Deer hunters join fight against "hunting preserves"

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The Indiana Wildlife Federation is lobbying against an effort in the legislature to legalize so-called "canned hunting," where animals are fenced in and hunters can track and shoot them.

Many sportsmen say it's simply not a fair fight.

"That's not what hunting is about. It's more than just killing and it's more than paying a large sum of money for just the antlers," said Doug Allman with the Indiana Deer Hunters Association.

The Indiana Deer Hunters Association would like to see hunting preserves shut down and banned completely. Former Governor Mitch Daniels and the Department of Natural Resources banned them in 2006, leading some hunting farms to close. Others sued to stay open, leaving four hunting preserves open in the state, along with hundreds of deer farms.

"We don't think it's good for Hoosiers. We don't think it's good for the state," said Allman.

Eyewitness News talked with deer farmers who wouldn't go on camera, but told us they disagree with the argument hunting deer on preserves is like shooting fish in a barrel. They called most preserves, with hundred of acres of woods, pretty big barrels.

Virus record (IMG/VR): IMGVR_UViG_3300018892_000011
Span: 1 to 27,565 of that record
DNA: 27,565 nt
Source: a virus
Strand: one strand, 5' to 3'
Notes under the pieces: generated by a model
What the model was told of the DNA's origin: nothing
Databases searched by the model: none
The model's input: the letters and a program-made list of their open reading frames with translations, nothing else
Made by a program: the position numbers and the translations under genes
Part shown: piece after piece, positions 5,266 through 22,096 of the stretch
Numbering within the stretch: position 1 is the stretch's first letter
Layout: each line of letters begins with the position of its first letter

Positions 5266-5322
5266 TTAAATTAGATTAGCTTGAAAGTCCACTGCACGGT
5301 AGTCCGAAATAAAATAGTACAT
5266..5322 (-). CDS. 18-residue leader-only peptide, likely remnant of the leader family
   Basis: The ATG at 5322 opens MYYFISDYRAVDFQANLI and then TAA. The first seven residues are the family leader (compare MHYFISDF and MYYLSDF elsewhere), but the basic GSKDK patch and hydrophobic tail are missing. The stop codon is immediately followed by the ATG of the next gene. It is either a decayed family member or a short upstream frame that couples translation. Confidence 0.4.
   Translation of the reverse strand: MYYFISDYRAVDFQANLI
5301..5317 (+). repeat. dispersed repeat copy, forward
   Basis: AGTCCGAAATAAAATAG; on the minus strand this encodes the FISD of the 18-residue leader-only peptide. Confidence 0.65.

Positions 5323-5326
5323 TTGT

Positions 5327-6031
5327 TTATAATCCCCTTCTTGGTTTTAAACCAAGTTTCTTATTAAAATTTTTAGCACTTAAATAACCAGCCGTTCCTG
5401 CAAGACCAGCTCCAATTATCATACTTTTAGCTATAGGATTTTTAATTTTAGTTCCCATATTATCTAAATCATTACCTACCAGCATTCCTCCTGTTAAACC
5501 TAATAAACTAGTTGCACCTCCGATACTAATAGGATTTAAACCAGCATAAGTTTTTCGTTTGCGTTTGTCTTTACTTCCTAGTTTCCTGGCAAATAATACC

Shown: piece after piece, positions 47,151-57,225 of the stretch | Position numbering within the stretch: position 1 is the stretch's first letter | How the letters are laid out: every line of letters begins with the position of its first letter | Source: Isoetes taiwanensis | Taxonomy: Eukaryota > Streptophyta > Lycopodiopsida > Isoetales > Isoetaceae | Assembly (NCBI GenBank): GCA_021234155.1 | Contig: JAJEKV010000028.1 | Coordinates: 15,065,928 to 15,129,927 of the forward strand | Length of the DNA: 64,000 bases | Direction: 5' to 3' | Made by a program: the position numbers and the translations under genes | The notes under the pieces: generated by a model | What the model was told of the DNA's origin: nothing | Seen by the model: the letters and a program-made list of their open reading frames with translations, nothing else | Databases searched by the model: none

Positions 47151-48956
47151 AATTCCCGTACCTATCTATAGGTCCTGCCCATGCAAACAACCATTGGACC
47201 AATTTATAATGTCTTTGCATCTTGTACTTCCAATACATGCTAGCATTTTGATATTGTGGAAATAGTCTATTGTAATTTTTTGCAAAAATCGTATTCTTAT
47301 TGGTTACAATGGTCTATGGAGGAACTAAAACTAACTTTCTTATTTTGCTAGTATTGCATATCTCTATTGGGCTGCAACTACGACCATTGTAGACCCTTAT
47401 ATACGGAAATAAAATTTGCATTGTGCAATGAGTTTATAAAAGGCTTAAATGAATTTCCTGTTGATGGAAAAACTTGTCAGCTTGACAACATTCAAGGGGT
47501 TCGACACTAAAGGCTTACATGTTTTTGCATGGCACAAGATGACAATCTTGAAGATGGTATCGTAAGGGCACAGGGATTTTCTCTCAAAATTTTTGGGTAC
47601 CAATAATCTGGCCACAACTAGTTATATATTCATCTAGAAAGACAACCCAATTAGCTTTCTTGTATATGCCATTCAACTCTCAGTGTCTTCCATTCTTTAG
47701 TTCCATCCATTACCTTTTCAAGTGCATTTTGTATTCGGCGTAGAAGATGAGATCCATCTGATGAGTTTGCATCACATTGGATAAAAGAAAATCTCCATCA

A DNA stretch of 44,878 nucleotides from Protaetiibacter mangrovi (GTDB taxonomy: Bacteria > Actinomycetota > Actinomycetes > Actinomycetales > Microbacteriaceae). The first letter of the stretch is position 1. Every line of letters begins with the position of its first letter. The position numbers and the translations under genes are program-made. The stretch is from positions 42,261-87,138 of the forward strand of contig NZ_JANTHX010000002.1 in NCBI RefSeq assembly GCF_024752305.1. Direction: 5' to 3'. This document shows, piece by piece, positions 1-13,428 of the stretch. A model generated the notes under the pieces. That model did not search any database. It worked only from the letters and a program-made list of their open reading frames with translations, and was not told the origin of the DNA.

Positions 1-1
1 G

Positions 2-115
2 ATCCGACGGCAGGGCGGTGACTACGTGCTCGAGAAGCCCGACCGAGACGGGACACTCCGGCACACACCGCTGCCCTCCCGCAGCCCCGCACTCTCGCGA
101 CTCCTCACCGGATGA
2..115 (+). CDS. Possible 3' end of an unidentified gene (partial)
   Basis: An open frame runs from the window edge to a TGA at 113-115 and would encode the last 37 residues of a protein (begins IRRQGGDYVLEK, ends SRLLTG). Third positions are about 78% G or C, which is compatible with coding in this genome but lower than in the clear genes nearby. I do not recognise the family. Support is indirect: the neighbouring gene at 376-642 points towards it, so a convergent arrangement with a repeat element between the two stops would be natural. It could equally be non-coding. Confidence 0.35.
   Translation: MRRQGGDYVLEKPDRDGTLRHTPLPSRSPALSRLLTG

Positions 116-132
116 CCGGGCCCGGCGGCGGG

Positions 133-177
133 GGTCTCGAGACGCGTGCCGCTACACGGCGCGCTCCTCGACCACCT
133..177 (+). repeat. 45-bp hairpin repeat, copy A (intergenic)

Monday, the House will hear a proposal to allow more hunting farms in Indiana to open.

Supporters have said it's good business for the state's hundreds of farmers who raise deer and elk and sell them to hunting preserves out of state.

According to a study of Indiana's deer and elk farming industry conducted by professors at Purdue University, 95 percent of hunting preserve clients are from out of state and bring dollars into Indiana

That same study found the industry had a direct economic impact of $27 million in 2010.

Opponents have said it would cost more than that, though, to wipe out any potential diseases that could spread from farm deer to wild ones.

The disease hunters said they're most concerned about is called chronic wasting disease. It's like mad cow, only for deer and it's already been found in deer in Pennsylvania, Illinois, and Wisconsin.

The disease hasn't shown up in Indiana yet.

Chronic Wasting Disease is lethal to deer, but so far there's no evidence it's dangerous to people.